With just days left in Q3, there is a flood of new supply making the rounds, much of it expected by Sept. 30. Most of the deals come by way of conduit or fusion-type transactions, offering investors an alternative to the premium-priced triple-A tranches in the secondary. This is one of the reasons spreads have not suffered much in the face of a general spread-widening move experienced by the prepayment-laden mortgage, risk-adjusting agency, and headline-beaten corporate markets.
That said, not is all well with the CMBS market. Roger Lehman of Merrill Lynch notes that while investors are reallocating funds raised through bid lists, there is little new money coming into the sector. This may turn out to be a concern as competition with corporates appears to be on the rise. In the September Thomson Financial/IFR Portfolio Manager Survey, investors were starting to look at the triple-B part of the corporate credit spectrum as a target for future allocations.
Another source of distress could be the ongoing effects of spread widening, says Lehman. "With mounting credit and convexity concerns, it will be tough for CMBS to hold its ground...and may lead spreads to the upper end of our forecasted range." Merrill is targeting the low 50 basis points over swaps as the upper end of the spread range.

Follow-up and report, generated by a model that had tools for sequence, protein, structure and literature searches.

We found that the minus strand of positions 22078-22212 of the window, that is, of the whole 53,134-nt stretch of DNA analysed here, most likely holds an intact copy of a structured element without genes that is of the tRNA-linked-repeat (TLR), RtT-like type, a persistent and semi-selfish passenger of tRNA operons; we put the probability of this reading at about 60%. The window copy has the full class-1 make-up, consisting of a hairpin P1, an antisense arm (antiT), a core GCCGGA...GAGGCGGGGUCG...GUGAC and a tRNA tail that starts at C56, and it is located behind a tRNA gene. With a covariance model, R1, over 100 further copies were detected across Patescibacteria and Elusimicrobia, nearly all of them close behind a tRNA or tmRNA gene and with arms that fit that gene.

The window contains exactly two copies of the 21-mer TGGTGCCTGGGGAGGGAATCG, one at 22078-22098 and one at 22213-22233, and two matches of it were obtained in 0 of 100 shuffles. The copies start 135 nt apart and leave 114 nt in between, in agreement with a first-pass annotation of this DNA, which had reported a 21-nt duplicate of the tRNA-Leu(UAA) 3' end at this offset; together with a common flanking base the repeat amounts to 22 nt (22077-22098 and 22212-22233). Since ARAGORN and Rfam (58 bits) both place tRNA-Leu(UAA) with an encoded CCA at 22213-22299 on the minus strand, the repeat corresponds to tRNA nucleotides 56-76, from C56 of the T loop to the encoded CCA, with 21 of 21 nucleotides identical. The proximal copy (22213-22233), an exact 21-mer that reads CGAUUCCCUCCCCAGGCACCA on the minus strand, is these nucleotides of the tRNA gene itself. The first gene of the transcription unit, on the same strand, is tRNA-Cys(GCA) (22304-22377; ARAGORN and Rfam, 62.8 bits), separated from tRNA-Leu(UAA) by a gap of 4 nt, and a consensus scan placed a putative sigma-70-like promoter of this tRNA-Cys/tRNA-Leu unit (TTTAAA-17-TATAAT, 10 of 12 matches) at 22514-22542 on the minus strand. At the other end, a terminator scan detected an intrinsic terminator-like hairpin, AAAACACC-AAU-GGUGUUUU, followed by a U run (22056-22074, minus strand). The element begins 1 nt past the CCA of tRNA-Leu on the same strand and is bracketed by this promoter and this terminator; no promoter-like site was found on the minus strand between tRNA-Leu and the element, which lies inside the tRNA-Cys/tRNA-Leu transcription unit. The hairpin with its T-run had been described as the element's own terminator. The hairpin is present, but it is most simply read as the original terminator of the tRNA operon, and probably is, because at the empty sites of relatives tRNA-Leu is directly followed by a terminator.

For now, anyway, new paper spreads are holding at the lower end of the range. Since the GECMC 2002-2 conduit in early August priced at 45 basis points, spreads moved out by 2 basis points by the time the Salomon Smith Barney/Key Bank deal priced in mid-September. Deals currently in the market reflect those levels plus the recently weaker swap spread market, though that appears to be structure dependent. The Lehman Brothers/UBS Warburg fusion priced Thursday at 49 basis points, which was 3 basis points wider than guidance versus guidance of 45 basis points for the Bear Stearns TOP-8 offering.
One of the likely concerns with LB/UBS is the concentration of loans, which according to observations by Merrill have the top six loans accounting for 50% of the collateral pool, and 17% of the collateral as New York City property offerings, representing two of the top three loans. The TOP-8 issue will feel some market concession pressure as well, but is expected to price at least two basis points through the Lehman/UBS deal due primarily to the conduit structure that investors currently prefer.
Still on the hook for possible September business are the following: two large-loan floaters, one via Banc of America (BALL 2002-FLT2), and one from Deutsche Bank (COMM 2002-FL7). There is the 1166 Avenue of the Americas single-asset still in the pipeline as well.